My first job as a speech-language pathologist was at North Shore Children’s Hospital in Salem, Massachusetts. It was a magical place for me — one that offered intensive training and the opportunity to work alongside professionals from a variety of different disciplines.
My interests in spoken language sparked so many questions about written language, so I went on to study reading and writing as a doctoral student at Emerson College. I studied with some of the leading researchers in language and literacy and joined them as a faculty member, teaching graduate courses and supervising the clinical training of graduate students while completing my own research on writing.
I loved my years in academia; research, teaching and mentoring new clinicians was deeply stimulating and satisfying work.
I chose the latter and established a private practice alongside a clinical psychologist and a neuropsychologist.
Working closely with these highly experienced colleagues allowed me to see children’s language and academic skills within larger frameworks — ones that accounted for their cognitive abilities, emotions, and learning styles. That fueled my interest in working with a broader range of students than was typical for a speech-language pathologist at the time.
I also saw children who had no diagnosed learning disabilities at all; they simply were not doing as well as they wanted to be in school, and they needed more effective strategies for learning. Many of these children worked hard, but after experiencing failure in school, they felt dejected, defective, and downright broken.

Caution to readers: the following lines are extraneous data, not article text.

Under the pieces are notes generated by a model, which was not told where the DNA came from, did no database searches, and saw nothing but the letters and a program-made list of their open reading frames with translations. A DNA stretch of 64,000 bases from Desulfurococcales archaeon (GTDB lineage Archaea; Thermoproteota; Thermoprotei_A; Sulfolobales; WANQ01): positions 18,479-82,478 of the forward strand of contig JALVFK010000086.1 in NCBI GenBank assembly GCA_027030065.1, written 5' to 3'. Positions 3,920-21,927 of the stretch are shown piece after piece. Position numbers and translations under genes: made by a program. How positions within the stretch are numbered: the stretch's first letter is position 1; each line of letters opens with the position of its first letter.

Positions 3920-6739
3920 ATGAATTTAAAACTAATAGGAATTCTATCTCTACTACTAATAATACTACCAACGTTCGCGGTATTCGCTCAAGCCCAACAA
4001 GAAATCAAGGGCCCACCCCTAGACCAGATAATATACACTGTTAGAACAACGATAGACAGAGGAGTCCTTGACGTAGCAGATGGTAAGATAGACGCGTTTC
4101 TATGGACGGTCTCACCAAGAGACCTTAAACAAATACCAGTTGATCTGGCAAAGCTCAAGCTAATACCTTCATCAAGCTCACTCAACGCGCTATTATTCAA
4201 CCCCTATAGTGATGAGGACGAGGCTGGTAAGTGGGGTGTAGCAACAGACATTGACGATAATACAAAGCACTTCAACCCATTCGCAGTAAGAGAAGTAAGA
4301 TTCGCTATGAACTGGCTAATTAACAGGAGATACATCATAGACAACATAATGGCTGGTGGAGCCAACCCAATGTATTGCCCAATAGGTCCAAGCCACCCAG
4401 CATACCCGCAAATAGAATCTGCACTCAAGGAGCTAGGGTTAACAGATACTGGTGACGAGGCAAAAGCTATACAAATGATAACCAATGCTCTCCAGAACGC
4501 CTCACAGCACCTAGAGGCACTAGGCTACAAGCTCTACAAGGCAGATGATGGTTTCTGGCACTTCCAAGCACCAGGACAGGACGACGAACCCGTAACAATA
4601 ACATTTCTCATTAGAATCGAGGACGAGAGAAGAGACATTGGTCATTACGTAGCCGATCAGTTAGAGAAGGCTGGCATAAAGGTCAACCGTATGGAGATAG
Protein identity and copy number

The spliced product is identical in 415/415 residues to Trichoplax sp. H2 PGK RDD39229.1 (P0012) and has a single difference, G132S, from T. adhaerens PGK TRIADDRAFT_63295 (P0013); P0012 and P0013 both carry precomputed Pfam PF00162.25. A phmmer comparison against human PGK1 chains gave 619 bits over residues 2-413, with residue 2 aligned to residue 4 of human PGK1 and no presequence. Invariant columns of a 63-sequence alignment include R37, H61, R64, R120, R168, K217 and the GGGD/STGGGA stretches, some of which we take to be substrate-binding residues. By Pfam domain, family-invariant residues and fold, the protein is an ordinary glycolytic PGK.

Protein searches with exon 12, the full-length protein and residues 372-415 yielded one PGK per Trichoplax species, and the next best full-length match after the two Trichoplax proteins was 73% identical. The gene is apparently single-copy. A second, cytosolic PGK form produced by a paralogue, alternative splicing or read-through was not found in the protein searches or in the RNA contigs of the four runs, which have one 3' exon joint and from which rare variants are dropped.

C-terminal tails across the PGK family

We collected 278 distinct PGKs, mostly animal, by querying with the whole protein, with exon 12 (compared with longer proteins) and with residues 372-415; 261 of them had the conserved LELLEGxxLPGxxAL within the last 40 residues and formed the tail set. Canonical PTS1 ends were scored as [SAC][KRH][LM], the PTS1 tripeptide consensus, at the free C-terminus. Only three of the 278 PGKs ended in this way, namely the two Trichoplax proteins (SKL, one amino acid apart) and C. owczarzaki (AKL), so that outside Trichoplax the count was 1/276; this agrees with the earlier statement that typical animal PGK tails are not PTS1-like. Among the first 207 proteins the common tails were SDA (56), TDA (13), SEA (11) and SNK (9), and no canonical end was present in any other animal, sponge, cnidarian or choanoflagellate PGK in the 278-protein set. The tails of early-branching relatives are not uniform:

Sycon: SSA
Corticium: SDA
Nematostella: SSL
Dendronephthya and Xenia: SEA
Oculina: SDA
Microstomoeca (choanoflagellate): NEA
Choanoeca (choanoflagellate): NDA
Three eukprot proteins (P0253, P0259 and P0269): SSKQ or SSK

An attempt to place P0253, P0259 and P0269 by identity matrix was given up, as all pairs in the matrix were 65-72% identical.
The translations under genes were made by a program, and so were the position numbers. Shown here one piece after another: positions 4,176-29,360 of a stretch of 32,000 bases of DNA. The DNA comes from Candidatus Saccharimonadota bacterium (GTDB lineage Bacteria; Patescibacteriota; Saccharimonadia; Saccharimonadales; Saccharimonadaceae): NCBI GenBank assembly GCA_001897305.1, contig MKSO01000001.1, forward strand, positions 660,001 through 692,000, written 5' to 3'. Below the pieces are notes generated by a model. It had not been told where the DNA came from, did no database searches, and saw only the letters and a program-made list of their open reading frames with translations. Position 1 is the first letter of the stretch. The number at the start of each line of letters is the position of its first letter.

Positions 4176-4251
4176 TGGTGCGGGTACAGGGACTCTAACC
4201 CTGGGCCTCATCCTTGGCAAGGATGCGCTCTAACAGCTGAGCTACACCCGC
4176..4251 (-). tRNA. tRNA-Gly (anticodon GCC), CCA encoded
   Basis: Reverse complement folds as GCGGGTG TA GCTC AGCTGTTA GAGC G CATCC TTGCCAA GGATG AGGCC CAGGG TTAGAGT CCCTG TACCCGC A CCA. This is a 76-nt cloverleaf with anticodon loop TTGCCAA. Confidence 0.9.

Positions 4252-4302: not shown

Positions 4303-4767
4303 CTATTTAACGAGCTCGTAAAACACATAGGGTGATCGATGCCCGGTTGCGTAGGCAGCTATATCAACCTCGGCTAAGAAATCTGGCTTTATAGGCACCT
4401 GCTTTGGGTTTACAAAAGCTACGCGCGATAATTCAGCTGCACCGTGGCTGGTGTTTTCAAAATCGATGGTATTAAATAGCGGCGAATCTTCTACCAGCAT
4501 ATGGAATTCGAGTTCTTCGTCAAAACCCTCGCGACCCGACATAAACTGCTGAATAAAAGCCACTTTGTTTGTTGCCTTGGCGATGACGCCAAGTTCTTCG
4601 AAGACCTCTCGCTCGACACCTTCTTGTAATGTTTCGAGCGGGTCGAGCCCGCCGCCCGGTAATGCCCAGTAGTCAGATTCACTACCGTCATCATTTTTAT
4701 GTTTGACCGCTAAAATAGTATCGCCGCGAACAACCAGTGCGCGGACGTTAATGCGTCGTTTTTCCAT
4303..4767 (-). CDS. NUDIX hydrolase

Sometimes they were labeled “unmotivated,” which added insult to injury and left them feeling blamed for their struggles. The more I worked with them, the more I doubted that motivation was the problem. What seven year-old (or 17 year-old for that matter) wants to fail?
I believe that motivation is fueled by success, and these children weren’t experiencing enough of it to stick with things that didn’t come easily to them. It motivated ME to develop teaching methods that made sense to all students and helped them achieve the success they so desired.
That vision has always gotten me out of bed with a sense of purpose.
In 2004, I began to expand my solo practice by hand picking a staff whose vision, passion, professionalism, and expertise align with mine. They are superb clinicians and educators who, like me, believe that students need teachers, mentors, and cheerleaders — people who will believe in them when they falter, celebrate with them when they succeed, and stick with them through their journey.
All of us at Architects For Learning firmly believe that by working together with the students and families that walk through our doors, we can change children’s lives. We see it happen every day.